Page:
...and, on the other, the Aymara is the first documented language to place the past ahead and the future behind, in other words, to depart from the standard model that have not only characterized time with properties of space, but also mapped the future as if it were in front of ego and the past in back.
A few examples of this language are listed below:
Istikux tatapat juk’amp jach’awa
Esteban is bigger than his father
Qullu iramnam aywikipawayi
Sheep scattered all over the hillsides
Qullqx marpachatakiw jaytä
I will set the money for the whole year aside
Jupanakax law pallañapaxapaw utji
They have to pick up firewood
Niya ch’uq ch’uxñapti
The potato is going green
Janiñ k’awn alamti
You do not need to buy any eggs
The works led by Martha Hardman at the University of Florida are among the most relevant in the literature on Aymara. Juan de Dios Yapita at the ILCA (in Spanish, Institute of Aymara Language and Culture) followed suit of what she had done. There is an increasing number of works written and translated into Aymara, and the language is used in radio and television broadcasting, as well as in websites (i.e. Wikipedia) and computing programs. In addition Aymara oral tradition comprises tales, legends and stories in whose folds the language took refuge many centuries ago.
One of these traditional stories is Kunturimp tawaqumpi (“The condor and the maid”). The beginning of this popular tale, extracted from the book entitled “Literatura quechua y aymara” by Donato Gómez Bacarreza, is copied below:
Nayrapachax uywanakax jaqir tukusaw sum parlt’asipxirin siwa. Ukapachanakax sapa uruw mä tawakux uywanakap awatinir sariritayna. Ukjamat sapa uruw siniy panpan sapak tawaqux qapusis uyw awatirin siwa.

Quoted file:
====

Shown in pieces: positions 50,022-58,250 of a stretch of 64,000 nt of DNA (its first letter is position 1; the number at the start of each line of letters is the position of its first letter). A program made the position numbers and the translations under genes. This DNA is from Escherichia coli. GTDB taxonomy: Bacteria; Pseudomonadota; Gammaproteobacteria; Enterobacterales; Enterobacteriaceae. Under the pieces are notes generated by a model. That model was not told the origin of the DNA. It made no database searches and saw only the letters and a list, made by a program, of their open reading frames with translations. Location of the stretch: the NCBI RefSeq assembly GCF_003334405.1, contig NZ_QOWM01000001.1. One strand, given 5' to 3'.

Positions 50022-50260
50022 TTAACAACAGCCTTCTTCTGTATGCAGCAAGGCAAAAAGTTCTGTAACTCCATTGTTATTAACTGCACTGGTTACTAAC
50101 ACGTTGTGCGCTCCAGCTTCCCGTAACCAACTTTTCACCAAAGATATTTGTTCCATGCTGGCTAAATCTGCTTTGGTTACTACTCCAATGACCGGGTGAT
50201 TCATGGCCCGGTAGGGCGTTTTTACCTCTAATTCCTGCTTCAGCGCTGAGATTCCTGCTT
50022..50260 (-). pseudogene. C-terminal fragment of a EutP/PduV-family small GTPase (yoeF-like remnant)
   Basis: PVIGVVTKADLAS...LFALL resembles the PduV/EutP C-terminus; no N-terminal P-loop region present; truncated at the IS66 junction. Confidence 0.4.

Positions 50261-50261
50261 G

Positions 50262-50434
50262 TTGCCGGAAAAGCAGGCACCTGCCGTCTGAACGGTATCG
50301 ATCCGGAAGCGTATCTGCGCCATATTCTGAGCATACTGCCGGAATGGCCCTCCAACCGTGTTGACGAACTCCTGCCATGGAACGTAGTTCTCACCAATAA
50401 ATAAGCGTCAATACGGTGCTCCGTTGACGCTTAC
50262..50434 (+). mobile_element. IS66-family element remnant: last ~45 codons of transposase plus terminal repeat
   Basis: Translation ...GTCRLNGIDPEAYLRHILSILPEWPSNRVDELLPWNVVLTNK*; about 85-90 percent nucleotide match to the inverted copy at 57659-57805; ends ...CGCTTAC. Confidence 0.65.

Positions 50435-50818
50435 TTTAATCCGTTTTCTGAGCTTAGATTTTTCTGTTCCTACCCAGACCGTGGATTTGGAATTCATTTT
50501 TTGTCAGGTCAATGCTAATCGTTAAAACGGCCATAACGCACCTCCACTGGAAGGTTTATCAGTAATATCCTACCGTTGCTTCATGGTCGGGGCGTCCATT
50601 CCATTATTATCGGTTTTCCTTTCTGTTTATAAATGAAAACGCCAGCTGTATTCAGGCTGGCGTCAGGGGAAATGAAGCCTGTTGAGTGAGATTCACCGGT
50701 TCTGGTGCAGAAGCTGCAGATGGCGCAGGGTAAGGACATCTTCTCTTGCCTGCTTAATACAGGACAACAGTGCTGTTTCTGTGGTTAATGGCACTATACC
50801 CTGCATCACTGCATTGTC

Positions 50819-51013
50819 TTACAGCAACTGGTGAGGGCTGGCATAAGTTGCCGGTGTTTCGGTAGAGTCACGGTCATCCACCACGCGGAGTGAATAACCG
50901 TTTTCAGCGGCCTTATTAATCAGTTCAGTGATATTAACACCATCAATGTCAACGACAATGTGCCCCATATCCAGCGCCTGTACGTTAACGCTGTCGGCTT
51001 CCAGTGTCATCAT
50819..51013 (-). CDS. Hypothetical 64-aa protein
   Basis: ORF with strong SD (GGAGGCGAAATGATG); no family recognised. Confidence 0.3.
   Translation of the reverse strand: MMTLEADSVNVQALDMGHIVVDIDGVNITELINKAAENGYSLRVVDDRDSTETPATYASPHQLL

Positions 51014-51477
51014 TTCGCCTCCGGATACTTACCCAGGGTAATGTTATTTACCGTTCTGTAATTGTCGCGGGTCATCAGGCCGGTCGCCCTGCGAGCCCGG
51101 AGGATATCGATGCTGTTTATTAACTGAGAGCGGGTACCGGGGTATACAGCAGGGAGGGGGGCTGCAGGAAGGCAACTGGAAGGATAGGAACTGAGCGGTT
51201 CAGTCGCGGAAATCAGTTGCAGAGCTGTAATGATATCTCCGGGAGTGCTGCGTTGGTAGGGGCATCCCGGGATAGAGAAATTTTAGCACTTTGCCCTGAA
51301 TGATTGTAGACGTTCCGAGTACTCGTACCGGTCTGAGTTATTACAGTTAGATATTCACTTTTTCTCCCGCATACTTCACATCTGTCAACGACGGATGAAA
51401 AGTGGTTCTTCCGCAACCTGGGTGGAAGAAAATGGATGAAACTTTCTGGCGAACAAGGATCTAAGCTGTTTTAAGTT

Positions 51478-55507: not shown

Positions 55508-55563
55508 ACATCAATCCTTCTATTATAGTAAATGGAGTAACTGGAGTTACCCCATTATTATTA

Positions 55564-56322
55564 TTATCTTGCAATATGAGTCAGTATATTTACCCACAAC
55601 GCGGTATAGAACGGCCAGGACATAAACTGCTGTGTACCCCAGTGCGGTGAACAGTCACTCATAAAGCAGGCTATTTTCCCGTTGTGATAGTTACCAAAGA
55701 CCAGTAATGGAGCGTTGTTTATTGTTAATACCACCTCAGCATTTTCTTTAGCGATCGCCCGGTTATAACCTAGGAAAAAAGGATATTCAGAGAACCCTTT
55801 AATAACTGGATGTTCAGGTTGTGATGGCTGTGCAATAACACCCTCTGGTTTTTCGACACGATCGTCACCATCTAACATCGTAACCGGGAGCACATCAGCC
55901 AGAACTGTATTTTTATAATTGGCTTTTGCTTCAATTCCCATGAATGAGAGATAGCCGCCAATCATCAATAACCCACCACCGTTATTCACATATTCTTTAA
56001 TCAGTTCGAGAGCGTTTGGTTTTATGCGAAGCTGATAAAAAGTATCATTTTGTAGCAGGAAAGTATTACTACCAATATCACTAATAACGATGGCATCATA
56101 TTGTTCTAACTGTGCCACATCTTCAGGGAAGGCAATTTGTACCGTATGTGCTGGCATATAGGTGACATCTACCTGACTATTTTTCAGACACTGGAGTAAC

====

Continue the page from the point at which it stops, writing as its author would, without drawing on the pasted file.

“A long time ago, it is said that animals became human beings and spoke like us. At that time, a maid used to drive her cattle to pasture every day; besides, she spun alone in the highland”.
Aymara language, in Wikipedia.
Map. Aymara language domain.
To learn Aymara, in Center of Latin American Studies at the University of Florida.
Ludovico Bertonio, in Wikipedia.
Wikipidiya site (Wikipedia in aymara).
ILCA website (Instituto de Lengua y Cultura Aymara) [es].
Bilingual Dictionary castellano-aymara, by Félix Layme Pairumani.
Article. “El idioma de los aymara”, by J. P. Arpasi. In Aymara Uta [es].
Article. “La lengua aymara”, in Ilcanet [es].
Article. “Backs to the future. Aymara Language and Gesture Point to Mirror-Image View of Time”, by Inga Kiderra in UC San Diego.
Article. “A critical survey of the literature on the Aymara language” by Lucy Therina Briggs in UCB San Pablo.
Book. “Aymara: compendio de estructura fonológica y gramatical”, by Martha J. Hardman, Juan de Dios Yapita and others. In Vitanet (Biblioteca Municipalidad Vitacura, Chile) [es].
Video 01. “Lenguas”, short documentary on Aymara language discrimination.
Video 02. Short documentary (tale) in Aymara language.
Video 03. Aymara language writing rules.
Video 04. Huayno in Aymara.
Video 05. TV programme in Aymara language.
Video 06. Commercial in Aymara language.